Recently, there is a growing interest in surgical variables that are intraoperatively controlled by orthopaedic surgeons, including lower leg alignment, component positioning and soft tissues balancing. Since more tight control over these factors is associated with improved outcomes of unicompartmental knee arthroplasty and total knee arthroplasty (TKA), several computer navigation and robotic-assisted systems have been developed. Although mechanical axis accuracy and component positioning have been shown to improve with computer navigation, no superiority in functional outcomes has yet been shown. This could be explained by the fact that many differences exist between the number and type of surgical variables these systems control. Most systems control lower leg alignment and component positioning, while some in addition control soft tissue balancing. Finally, robotic-assisted systems have the additional advantage of improving surgical precision. A systematic search in PubMed, Embase and Cochrane Library resulted in 40 comparative studies and three registries on computer navigation reporting outcomes of 474,197 patients, and 21 basic science and clinical studies on robotic-assisted knee arthroplasty. Twenty-eight of these comparative computer navigation studies reported Knee Society Total scores in 3504 patients. Stratifying by type of surgical variables, no significant differences were noted in outcomes between surgery with computer-navigated TKA controlling for alignment and component positioning versus conventional TKA (p = 0.63). However, significantly better outcomes were noted following computer-navigated TKA that also controlled for soft tissue balancing versus conventional TKA (mean difference 4.84, 95 % Confidence Interval 1.61, 8.07, p = 0.003). A literature review of robotic systems showed that these systems can, similarly to computer navigation, reliably improve lower leg alignment, component positioning and soft tissues balancing. Furthermore, two studies comparing robotic-assisted with computer-navigated surgery reported superiority of robotic-assisted surgery in controlling these factors. Manually controlling all these surgical variables can be difficult for the orthopaedic surgeon. Findings in this study suggest that computer navigation or robotic assistance may help managing these multiple variables and could improve outcomes. Future studies assessing the role of soft tissue balancing in knee arthroplasty and long-term follow-up studies assessing the role of computer-navigated and robotic-assisted knee arthroplasty are needed.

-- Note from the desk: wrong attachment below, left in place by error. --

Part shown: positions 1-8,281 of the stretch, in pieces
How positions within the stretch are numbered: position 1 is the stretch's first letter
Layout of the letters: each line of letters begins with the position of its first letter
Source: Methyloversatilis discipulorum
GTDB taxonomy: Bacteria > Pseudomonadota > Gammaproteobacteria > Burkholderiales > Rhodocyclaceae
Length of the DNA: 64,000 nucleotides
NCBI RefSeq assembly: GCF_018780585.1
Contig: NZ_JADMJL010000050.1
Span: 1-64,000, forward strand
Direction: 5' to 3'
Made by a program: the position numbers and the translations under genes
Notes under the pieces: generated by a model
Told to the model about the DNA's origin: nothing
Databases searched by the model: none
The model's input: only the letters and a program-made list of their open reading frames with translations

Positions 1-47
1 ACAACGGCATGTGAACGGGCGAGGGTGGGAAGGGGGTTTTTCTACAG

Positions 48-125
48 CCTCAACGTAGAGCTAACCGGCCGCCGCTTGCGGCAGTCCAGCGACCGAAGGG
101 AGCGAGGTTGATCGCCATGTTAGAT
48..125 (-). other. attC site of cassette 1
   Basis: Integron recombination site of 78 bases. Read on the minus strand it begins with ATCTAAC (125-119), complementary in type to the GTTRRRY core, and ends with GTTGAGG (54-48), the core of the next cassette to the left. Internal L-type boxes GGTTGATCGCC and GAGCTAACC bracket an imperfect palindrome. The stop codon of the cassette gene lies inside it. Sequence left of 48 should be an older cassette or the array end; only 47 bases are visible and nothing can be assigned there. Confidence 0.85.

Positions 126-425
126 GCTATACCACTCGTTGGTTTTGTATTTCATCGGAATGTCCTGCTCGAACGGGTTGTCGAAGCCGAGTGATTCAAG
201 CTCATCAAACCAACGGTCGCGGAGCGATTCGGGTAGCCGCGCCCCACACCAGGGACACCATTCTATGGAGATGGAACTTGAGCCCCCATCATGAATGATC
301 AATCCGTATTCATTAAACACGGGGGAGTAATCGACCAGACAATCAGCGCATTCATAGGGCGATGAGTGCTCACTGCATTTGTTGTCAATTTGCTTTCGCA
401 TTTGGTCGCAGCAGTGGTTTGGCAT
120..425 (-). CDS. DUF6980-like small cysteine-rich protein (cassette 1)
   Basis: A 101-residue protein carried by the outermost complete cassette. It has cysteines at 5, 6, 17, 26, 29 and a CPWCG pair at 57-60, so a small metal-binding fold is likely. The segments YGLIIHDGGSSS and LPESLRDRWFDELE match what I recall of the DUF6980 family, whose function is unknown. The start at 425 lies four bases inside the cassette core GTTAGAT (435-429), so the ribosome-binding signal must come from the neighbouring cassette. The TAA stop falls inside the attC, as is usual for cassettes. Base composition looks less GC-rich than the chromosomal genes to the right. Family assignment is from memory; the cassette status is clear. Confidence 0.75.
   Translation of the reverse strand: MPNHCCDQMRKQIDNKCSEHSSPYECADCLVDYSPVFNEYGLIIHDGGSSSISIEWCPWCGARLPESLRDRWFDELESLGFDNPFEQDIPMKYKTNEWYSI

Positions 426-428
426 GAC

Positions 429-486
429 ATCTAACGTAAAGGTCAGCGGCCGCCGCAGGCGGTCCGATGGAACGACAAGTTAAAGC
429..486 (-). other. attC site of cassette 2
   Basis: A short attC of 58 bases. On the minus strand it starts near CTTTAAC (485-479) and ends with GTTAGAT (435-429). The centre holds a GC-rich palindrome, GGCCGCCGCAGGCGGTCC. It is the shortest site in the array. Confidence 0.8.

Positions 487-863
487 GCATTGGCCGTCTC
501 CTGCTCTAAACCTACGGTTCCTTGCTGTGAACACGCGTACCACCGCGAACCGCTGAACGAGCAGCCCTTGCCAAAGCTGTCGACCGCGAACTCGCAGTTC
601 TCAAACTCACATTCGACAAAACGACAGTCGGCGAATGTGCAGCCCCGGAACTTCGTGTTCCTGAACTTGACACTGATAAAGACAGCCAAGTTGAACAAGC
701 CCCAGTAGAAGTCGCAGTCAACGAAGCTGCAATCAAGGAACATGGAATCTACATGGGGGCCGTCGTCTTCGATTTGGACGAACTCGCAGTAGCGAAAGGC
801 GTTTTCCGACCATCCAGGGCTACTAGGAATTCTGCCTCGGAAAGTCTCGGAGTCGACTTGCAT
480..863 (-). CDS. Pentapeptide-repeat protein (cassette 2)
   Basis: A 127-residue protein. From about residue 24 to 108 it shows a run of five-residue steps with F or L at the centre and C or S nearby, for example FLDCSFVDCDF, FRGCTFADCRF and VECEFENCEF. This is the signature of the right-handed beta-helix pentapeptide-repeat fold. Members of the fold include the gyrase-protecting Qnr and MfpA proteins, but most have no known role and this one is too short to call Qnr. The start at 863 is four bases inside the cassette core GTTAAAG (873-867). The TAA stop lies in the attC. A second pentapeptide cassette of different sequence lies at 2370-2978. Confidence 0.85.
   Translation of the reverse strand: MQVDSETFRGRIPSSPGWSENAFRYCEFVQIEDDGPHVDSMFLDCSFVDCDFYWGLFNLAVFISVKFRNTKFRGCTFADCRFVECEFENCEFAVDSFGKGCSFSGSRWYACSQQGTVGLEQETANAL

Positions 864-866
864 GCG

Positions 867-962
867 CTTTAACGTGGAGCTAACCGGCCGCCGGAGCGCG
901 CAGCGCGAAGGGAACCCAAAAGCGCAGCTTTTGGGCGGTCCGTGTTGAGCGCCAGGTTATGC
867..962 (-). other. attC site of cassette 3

Bibliographical notePublisher Copyright:
© 2016, European Society of Sports Traumatology, Knee Surgery, Arthroscopy (ESSKA).
- Computer navigation
- Soft tissue balancing
- Total knee arthroplasty
- Unicompartmental knee arthroplasty